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SC upholds police ban on monitoring family

Robertzon Ramirez - The Philippine Star
SC upholds police ban on monitoring family
In a resolution promulgated on June 15 and made public on Friday, the SC denied the PNP’s motion for reconsideration, upholding the court’s permanent protection order in favor of Vivian Sanchez and her two children. The resolution was penned by Associate Justice Marvic Leonen.
BusinessWorld / File

MANILA, Philippines — The Supreme Court (SC) has affirmed its 2019 decision on the issuance of a permanent protection order prohibiting the Philippine National Police (PNP) from monitoring a family allegedly linked to the New People’s Army (NPA).

In a resolution promulgated on June 15 and made public on Friday, the SC denied the PNP’s motion for reconsideration, upholding the court’s permanent protection order in favor of Vivian Sanchez and her two children. The resolution was penned by Associate Justice Marvic Leonen.

Sanchez’s family was put under PNP surveillance after she was linked to the NPA due to her husband’s alleged association with the communist group. Her husband was killed by police in Antique in 2018.

The SC granted her request for a writ of amparo on Oct. 15, 2019, saying the evidence Sanchez presented “convincingly shows that she and her family became subject of unwarranted police surveillance due to their relationship with a suspected member of the (NPA) resulting in an actual threat to their life, liberty, and security due to the government’s unparalleled zeal in eradicating communism.”

The SC added that the PNP was gravely mistaken in its assertion that “the right to privacy, gender and power analysis are not applicable in the present case.”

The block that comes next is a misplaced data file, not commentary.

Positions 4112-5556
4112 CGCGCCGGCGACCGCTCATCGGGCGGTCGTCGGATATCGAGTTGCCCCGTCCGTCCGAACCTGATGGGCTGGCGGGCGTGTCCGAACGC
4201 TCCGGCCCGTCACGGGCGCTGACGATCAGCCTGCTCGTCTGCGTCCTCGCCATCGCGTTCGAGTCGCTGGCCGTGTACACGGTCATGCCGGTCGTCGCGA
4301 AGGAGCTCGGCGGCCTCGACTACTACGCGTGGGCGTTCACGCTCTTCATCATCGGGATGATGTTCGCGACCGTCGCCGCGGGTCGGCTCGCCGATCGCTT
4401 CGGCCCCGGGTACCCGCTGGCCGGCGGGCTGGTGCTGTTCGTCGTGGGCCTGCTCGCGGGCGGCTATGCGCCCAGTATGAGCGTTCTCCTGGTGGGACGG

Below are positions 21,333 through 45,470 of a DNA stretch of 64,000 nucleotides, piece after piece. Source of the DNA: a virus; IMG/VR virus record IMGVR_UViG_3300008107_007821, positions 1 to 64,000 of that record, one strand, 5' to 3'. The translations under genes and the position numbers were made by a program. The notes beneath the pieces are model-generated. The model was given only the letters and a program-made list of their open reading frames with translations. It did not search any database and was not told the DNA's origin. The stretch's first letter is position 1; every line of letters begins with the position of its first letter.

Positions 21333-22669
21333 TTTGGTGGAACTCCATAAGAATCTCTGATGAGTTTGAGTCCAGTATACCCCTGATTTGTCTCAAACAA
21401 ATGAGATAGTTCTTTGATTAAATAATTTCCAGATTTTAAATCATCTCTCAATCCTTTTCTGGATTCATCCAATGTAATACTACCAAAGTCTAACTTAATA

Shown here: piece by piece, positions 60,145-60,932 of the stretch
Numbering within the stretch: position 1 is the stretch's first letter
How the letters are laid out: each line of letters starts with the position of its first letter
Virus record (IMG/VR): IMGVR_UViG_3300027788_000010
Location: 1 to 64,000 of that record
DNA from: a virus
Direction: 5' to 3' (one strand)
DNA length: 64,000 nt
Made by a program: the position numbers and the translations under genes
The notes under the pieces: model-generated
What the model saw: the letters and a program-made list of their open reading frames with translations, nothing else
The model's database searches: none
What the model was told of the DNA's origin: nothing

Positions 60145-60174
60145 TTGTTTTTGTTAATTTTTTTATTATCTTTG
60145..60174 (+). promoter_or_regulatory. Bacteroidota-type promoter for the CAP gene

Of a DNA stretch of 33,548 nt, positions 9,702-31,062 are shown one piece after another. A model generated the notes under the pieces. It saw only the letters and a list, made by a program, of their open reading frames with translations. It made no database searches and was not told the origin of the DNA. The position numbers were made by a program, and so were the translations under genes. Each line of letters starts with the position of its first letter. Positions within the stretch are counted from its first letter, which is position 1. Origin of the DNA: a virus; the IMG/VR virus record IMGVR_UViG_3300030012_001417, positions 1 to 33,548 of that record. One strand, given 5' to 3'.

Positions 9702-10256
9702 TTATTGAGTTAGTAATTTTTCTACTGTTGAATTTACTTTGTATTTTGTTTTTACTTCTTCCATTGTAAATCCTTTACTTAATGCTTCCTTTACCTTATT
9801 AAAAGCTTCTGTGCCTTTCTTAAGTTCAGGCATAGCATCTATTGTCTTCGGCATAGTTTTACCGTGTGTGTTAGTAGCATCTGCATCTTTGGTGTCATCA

Sanchez and her children, according to the high court, were targeted because she initially refused to divulge her relationship with her dead husband when she went to the funeral parlor.

The PNP claimed Sanchez was only placed under general investigation because investigators “wanted to know the identity of the unclaimed cadaver, but even after she had admitted to being the suspected member’s estranged wife, police surveillance continued and even intensified, causing her fear and anxiety for her and her children’s safety.”

The SC said while the PNP has the mandate to investigate, its duty must be balanced with Sanchez’s fundamental rights.

“Whatever information (the PNP) may have wished to obtain from (Sanchez) or her children, as witting or unwitting witnesses, is protected by spousal and filial privilege,” the SC said.

The SC also emphasized that the PNP should conduct a formal investigation “instead of a surreptitious surveillance” that infringed on Sanchez’s right to privacy.

Justice Ramon Paul Hernando maintained his dissent and voted to grant the PNP’s motion for reconsideration along with Chief Justice Alexander Gesmundo, according to the SC.

NPA SUPREME COURT
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